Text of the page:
Dimitri of Priluki
Our holy, God-bearing Father Dimitri of Priluki, also Demetrius of Priluki (Димитрий Прилуцкий), was a Russian monastic and Wonderworker of the fourteenth century who pioneered monastic life into the Russian North and founded the Nikolsky Monastery, now the Spaso-Prilutsky Monastery in Pereslavl-Zalessky. A disciple of St. Sergius of Radonezh, he is commemorated on February 11.
Little is known of the early life of St. Dimitri. He was born into a rich merchant's family in Pereyaslavl-Zalessk in present day Yaroslavl Oblast and entered early on a religious life. He was tonsured a monk at one of the monasteries in Pereyaslavl. Later, he founded the cenobitic monastery of St. Nicholas near the city on Ss. Boris and Gleb Hill on the shore of Lake Plescheevo. He became its hegumen.
In 1334, Dimitri met St. Sergius of Radonezh who had come to Pereyaslavl to visit the local hierarch, Metropolitan Athanasius. From this meeting a close friendship grew as they would often conversed with each other. The holiness of hegumen Dimitri spread widely. He became the godfather to the children of Grand Prince Dmitri Ioannovich. As he became more famous, and encouraged by St. Sergius, Demetrius looked to a more isolated life and decided to move to a remote place.
With his disciple Pachomius, he traveled north to a spot near Avnezh at the Obnora River in the Vologda forests. There they built a church dedicated to the Resurrection of Christ and prepared to lay the foundations for a monastery. The local inhabitants, however, fearful that their village would become monastery property if a monastery were built there, demanded that the monks leave their territory. The two monks, wishing not to be a burden to any one, moved further north.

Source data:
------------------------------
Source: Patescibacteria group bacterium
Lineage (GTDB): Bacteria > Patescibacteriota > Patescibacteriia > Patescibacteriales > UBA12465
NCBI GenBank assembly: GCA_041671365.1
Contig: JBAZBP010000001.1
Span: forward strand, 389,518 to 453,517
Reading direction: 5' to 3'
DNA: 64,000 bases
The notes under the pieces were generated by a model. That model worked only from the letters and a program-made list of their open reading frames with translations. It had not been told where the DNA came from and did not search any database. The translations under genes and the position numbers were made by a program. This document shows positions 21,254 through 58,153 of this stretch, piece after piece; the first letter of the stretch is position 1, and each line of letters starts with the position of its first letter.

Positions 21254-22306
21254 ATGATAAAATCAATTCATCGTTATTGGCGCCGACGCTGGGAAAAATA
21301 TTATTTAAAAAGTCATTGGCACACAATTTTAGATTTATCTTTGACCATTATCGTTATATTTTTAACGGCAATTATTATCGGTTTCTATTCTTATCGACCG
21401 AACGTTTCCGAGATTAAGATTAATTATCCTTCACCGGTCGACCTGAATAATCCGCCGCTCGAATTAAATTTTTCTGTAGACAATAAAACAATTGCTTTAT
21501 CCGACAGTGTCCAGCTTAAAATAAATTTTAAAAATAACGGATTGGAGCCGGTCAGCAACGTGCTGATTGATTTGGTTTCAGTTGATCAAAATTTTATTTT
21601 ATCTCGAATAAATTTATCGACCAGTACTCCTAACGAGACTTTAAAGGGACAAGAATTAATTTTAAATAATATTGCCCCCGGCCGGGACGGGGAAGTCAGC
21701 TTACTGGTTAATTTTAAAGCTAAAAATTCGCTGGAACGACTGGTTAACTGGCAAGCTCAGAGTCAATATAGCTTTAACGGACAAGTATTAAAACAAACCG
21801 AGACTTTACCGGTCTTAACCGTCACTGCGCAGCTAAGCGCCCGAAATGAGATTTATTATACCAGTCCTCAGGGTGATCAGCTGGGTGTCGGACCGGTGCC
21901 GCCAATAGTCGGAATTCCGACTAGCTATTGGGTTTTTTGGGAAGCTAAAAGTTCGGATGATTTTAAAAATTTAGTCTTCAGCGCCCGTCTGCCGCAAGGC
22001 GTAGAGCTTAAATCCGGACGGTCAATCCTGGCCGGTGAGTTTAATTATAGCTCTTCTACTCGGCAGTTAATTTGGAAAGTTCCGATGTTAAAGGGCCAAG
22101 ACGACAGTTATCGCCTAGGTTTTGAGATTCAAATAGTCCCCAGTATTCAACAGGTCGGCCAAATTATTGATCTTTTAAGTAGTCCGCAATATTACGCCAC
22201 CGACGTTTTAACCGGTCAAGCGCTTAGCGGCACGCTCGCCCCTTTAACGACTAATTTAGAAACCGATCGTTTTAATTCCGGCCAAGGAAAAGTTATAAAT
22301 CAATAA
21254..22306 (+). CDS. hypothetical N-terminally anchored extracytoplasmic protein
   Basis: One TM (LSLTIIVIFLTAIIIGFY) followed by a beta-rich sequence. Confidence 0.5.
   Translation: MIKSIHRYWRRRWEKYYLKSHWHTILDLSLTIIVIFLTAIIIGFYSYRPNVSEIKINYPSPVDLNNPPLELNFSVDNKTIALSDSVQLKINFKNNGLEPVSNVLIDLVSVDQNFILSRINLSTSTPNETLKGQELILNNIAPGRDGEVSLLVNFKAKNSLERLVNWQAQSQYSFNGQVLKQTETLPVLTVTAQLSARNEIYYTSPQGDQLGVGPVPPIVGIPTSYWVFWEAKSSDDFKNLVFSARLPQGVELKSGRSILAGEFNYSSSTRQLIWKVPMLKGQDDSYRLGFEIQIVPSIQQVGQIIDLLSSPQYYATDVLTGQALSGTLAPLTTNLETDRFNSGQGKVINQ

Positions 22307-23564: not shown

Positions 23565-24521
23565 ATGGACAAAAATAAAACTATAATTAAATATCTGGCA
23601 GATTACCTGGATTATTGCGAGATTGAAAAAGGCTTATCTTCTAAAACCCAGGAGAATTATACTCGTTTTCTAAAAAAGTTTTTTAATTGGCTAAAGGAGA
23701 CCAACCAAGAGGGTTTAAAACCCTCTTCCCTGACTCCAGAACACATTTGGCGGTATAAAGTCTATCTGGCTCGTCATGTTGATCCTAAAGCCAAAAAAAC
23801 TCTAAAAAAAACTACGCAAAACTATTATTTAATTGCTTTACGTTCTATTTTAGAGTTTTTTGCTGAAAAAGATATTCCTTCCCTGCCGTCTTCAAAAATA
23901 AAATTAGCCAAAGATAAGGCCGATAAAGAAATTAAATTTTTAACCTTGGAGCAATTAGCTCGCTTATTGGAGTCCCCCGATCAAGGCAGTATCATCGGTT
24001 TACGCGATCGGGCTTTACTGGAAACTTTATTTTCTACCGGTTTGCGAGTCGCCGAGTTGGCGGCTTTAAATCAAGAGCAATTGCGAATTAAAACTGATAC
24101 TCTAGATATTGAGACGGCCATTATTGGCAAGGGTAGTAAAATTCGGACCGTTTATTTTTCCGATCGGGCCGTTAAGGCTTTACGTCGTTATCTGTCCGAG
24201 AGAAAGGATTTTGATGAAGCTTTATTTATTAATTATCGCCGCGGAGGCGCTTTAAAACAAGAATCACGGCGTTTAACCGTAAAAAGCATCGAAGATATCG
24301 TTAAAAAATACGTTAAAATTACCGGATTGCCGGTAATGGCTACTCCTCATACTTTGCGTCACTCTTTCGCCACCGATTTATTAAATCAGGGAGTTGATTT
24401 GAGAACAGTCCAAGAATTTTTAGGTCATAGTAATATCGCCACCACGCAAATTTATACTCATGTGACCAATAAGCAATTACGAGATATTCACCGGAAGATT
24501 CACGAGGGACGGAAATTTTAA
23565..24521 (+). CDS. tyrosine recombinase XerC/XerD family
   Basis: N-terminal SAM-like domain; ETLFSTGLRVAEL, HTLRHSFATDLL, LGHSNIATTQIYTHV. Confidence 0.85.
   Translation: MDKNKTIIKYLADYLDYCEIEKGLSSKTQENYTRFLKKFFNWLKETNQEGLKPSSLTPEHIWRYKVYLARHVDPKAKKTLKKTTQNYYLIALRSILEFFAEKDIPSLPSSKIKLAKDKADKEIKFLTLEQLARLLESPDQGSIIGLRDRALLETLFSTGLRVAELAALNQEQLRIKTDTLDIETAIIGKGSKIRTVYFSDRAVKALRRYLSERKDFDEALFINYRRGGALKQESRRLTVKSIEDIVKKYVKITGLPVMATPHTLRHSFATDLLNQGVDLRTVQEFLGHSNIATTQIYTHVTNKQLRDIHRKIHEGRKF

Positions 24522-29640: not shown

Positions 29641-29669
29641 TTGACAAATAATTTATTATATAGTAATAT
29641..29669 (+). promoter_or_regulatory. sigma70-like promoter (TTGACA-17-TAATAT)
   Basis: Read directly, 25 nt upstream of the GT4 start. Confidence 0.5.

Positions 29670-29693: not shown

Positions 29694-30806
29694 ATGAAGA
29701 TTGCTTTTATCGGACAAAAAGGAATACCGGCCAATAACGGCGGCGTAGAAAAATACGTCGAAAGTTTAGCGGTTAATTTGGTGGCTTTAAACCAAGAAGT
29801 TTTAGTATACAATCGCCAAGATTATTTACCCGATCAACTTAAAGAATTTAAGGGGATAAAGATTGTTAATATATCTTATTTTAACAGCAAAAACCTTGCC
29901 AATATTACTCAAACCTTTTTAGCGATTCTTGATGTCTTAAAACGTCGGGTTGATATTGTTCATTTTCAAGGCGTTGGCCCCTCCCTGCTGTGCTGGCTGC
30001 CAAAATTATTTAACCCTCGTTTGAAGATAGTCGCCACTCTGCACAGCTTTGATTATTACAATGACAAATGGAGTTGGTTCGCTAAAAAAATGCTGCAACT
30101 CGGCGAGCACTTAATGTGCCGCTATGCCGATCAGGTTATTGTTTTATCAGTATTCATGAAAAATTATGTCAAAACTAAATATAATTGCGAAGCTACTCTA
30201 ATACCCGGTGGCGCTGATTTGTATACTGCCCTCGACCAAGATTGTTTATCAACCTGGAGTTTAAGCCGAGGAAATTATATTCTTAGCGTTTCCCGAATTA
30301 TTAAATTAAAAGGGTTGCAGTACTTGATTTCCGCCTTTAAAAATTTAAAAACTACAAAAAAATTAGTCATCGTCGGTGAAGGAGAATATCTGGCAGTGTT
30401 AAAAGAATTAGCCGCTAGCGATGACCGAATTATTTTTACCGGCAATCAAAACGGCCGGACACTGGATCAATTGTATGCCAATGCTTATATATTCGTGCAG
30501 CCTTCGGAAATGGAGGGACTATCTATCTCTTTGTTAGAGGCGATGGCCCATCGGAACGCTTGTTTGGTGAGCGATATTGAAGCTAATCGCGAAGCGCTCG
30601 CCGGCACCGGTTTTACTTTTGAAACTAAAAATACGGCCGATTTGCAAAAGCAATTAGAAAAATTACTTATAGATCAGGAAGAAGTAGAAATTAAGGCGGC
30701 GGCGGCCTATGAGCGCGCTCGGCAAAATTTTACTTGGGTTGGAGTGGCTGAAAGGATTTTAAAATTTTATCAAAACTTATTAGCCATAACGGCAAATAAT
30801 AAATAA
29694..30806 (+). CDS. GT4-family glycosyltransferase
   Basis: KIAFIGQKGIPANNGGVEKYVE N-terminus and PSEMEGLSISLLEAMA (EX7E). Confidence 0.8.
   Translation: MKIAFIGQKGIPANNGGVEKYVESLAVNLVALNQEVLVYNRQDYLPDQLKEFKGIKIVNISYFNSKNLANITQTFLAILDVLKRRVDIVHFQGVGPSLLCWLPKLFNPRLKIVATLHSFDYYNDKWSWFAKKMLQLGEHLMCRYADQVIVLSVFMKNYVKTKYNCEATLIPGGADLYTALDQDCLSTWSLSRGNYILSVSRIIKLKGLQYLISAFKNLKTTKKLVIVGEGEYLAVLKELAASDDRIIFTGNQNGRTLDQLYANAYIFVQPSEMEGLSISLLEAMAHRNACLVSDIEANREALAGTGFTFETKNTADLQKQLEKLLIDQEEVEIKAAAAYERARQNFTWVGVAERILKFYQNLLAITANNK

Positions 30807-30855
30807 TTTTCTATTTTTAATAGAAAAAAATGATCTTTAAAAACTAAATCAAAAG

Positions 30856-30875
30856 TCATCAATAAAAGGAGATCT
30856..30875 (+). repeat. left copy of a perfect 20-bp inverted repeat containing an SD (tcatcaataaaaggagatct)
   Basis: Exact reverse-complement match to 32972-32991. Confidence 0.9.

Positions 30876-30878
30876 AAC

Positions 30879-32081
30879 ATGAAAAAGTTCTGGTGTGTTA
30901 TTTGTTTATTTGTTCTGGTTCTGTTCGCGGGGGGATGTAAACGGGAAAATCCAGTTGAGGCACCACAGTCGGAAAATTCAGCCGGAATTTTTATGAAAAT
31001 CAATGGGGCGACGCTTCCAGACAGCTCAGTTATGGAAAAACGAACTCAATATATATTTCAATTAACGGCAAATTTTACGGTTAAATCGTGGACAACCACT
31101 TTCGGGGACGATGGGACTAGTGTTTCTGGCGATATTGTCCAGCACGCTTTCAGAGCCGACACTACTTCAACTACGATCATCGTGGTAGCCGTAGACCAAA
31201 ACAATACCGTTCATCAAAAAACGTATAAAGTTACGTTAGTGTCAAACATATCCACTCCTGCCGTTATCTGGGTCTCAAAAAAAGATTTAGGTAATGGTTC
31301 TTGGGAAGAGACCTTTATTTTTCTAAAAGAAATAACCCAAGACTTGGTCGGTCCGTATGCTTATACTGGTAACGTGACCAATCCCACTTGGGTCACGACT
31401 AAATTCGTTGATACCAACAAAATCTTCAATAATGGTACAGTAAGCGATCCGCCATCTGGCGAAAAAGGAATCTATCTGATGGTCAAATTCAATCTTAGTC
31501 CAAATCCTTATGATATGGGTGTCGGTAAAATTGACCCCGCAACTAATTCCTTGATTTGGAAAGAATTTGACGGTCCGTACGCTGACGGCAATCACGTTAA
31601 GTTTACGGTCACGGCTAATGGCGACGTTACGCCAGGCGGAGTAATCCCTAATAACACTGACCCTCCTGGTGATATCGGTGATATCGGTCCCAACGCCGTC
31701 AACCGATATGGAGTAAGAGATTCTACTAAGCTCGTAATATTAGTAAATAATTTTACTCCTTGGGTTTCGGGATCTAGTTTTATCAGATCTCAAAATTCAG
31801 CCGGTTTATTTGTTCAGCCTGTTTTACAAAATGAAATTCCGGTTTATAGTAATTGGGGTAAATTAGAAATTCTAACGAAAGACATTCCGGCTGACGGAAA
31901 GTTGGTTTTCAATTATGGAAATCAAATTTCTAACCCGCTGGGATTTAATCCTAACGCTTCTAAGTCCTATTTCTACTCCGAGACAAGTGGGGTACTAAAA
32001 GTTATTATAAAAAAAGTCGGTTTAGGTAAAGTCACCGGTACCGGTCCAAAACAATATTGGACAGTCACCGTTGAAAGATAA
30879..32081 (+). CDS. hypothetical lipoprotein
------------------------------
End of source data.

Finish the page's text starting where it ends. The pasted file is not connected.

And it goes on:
At an isolated spot not far from the city of Vologda, Dimitri decided to establish at a bend of the Vologda River the first cenobitic monastery of the Russian North. The people of Vologda and the surrounding area welcomed the monks and gladly consented to help Dimitri. The monastery was built on land owned by Elias and Isidore who even trampled down a grain field so that a temple might be built immediately. By 1371, a wooden cathedral, dedicated to the Savior, was built and brethren began to arrive at the new monastery, including many disciples of Dimitri who came from the Pereyaslavl monasteries. The monastery would later be known as the Spaso-Prilutsky Monastery.
Dimitri established a life at the monastery that combined prayer and strict asceticism with kindliness. He fed the poor and hungry and took in strangers. He conversed with those in need of consolation and gave counsel. And he loved to pray in solitude. His Lenten food consisted of prosphora with warm water. On feast days, he would not even partake of the wine and fish that was permitted by the Rule. He wore an old sheepskin coat during both winter and summer, and, even in his old age, he joined with the brethren on common tasks. St. Dimitri accepted contributions to the monastery cautiously, so that the welfare of the monastery would not be detrimental to those living nearby.
The Lord granted His servant the gift of clairvoyance, in which the saintly monk attained a high degree of spiritual perfection. On February 11, 1392, St. Dimitri died at an advanced age. As the brethren approached his cell at the time, they found him as though asleep and with his cell filled with a wondrous fragrance.
Miracles associated with the relics of St. Dimitri began in the year 1409, and during that century his veneration spread throughout all Rus. By the year 1440, the Priluki monk Macarius recorded his Life (Great Reading Menaion, February 11) based on the narratives of St. Dimitri's disciple Igumen Pachomius.